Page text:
But man you add some traction after the muscles and nervous system have been given permission to be all lackadaisical and smooshy? Ahhhh…
Done correctly and with care – not rushed, not sudden – traction can open up just the teeniest tiniest bits of space in the wrists, knuckles, shoulder, elbow, hip, all along the vertebrae, ankles and even toes.
And the result? I feel longer. Taller. Even more graceful as the joints don’t feel sticky and sluggish anymore. (Well…as graceful as I am capable of feeling. I’ll take what I can get.) No, inches weren’t added, but sometimes all that’s needed is a micron here and there of anatomical space back where it got crowded out.
Personal Space (My personal fave…)
Sometimes this concept of space begins way before you even touch the table. Arriving at a massage appointment, we can be so anxious to throw off our clothes with such speed and hit the table as soon as we can that sometimes we risk personal injury. (You think I am kidding, but I can hear you whisper yell “OW!” when you stub your toes on the table leg.)
Some of y’all are SO eager, you start undressing even before I leave the room. Whoa there, Nelly. Go ahead and take your shoes off if you like. (I usually take that as the hint to hurry along so the session can start.) But some of you have barely left the waiting room and sleeves are coming off. Maybe I find this so odd because as the mom of a young child, I find being able to dress and undress completely alone positively glorious. (Seriously.) We are so rushed to feel the touch that we forget to feel the space.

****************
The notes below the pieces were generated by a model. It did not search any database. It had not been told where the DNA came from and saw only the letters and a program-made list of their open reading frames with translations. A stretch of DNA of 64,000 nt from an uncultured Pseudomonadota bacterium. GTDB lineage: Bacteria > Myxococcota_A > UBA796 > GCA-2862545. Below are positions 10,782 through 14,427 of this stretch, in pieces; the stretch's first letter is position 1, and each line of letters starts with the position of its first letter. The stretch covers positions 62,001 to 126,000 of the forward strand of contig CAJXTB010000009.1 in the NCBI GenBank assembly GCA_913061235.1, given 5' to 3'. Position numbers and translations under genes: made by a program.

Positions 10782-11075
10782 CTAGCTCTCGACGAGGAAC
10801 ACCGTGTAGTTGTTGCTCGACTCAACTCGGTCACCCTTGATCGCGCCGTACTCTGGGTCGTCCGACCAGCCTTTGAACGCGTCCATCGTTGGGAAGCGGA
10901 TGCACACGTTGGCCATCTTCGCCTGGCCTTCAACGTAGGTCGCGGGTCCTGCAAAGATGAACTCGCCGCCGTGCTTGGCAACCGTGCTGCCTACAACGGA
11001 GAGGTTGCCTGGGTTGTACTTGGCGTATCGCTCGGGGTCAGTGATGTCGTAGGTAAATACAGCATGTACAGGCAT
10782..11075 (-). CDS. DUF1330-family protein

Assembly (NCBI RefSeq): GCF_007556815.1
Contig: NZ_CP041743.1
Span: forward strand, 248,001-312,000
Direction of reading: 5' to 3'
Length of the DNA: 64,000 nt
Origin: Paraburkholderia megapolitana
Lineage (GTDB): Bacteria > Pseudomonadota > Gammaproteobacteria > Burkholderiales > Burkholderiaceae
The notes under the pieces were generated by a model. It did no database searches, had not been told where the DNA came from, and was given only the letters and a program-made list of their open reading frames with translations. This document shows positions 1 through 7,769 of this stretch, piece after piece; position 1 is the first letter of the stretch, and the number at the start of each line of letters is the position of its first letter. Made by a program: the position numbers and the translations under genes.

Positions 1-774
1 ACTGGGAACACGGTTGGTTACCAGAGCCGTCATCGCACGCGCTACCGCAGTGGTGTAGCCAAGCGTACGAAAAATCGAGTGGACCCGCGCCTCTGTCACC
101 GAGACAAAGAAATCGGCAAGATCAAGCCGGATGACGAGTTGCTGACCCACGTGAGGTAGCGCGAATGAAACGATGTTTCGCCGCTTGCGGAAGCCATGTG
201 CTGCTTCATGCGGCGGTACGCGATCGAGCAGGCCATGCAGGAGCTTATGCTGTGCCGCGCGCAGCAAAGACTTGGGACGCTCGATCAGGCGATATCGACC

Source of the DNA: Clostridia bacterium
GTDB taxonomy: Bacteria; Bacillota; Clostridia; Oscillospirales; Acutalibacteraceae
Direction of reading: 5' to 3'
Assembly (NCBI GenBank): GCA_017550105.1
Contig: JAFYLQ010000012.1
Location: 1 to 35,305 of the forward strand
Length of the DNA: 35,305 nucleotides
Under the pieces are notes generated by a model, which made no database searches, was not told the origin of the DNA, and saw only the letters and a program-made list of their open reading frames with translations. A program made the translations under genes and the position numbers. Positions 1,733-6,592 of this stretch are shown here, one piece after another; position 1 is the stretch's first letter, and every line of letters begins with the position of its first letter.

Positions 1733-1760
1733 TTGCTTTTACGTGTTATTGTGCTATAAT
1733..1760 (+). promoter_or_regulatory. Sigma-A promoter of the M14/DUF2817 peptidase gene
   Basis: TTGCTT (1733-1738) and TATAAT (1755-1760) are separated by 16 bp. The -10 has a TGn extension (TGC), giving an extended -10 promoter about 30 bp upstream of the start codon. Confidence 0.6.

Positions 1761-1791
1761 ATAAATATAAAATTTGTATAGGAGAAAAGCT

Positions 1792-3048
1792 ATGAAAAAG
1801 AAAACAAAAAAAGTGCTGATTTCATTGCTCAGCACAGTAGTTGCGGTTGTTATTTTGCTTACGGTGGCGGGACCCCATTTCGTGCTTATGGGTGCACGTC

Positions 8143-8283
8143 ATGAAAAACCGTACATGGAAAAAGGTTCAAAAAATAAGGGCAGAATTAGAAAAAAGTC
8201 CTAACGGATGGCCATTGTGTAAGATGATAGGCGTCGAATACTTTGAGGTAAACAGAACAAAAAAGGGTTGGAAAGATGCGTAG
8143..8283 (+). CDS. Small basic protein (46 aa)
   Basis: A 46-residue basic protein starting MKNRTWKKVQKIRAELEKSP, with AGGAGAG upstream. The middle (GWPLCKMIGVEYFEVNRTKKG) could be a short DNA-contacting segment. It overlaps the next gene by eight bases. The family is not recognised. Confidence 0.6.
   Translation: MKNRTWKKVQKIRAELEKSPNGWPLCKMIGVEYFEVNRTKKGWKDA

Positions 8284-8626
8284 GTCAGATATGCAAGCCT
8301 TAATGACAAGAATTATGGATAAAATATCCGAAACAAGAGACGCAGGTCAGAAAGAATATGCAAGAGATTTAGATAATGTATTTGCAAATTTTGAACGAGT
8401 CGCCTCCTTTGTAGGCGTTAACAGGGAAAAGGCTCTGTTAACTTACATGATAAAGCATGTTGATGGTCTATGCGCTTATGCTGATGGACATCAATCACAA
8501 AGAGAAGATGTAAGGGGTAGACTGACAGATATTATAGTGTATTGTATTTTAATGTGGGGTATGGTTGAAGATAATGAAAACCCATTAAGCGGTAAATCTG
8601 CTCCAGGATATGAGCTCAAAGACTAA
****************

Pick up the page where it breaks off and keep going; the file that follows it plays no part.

But I noticed it yesterday for my massage the second the therapist left the room, closed the door behind her and I was alone. I love visiting with family and going to holiday gatherings and feeling the warmth and bustle of those I love around me.
But I also love their absence.
The space of just me and the emptiness that surrounds me. The me and just me. I absolutely love being embraced with space sometimes. And I can tell that some of you appreciate this quiet alone moment as well. (And that these cherished moments of solitude may be few and far between…)
Sure, there are also those folks that don’t need their personal space to be empty. “You can stay in here while I get changed…I’ll just be a minute.” That’s all well and good for you and I can appreciate your comfort level, but can I tell you something? You may not need the space, but I do. Yup, the therapist. I need some space and boundary before (and after) our session. Don’t worry, provided you arrived in a timely fashion, my leaving the room for you to change won’t affect the time of your session. But I need to do that to respect your privacy/personal space and mine.
All Three Work Together
It’s wonderful when all three of these come together to allow the other in or encourage the appreciation. Personal space opening the door for brain space. Brain space permitting anatomical space to be found. And back ’round to personal space to enjoy them all before the world creeps in again.
And it will.
But first, take the time to feel that space, that positive and personal impact of empty.
That space is yours alone and helps make you, you.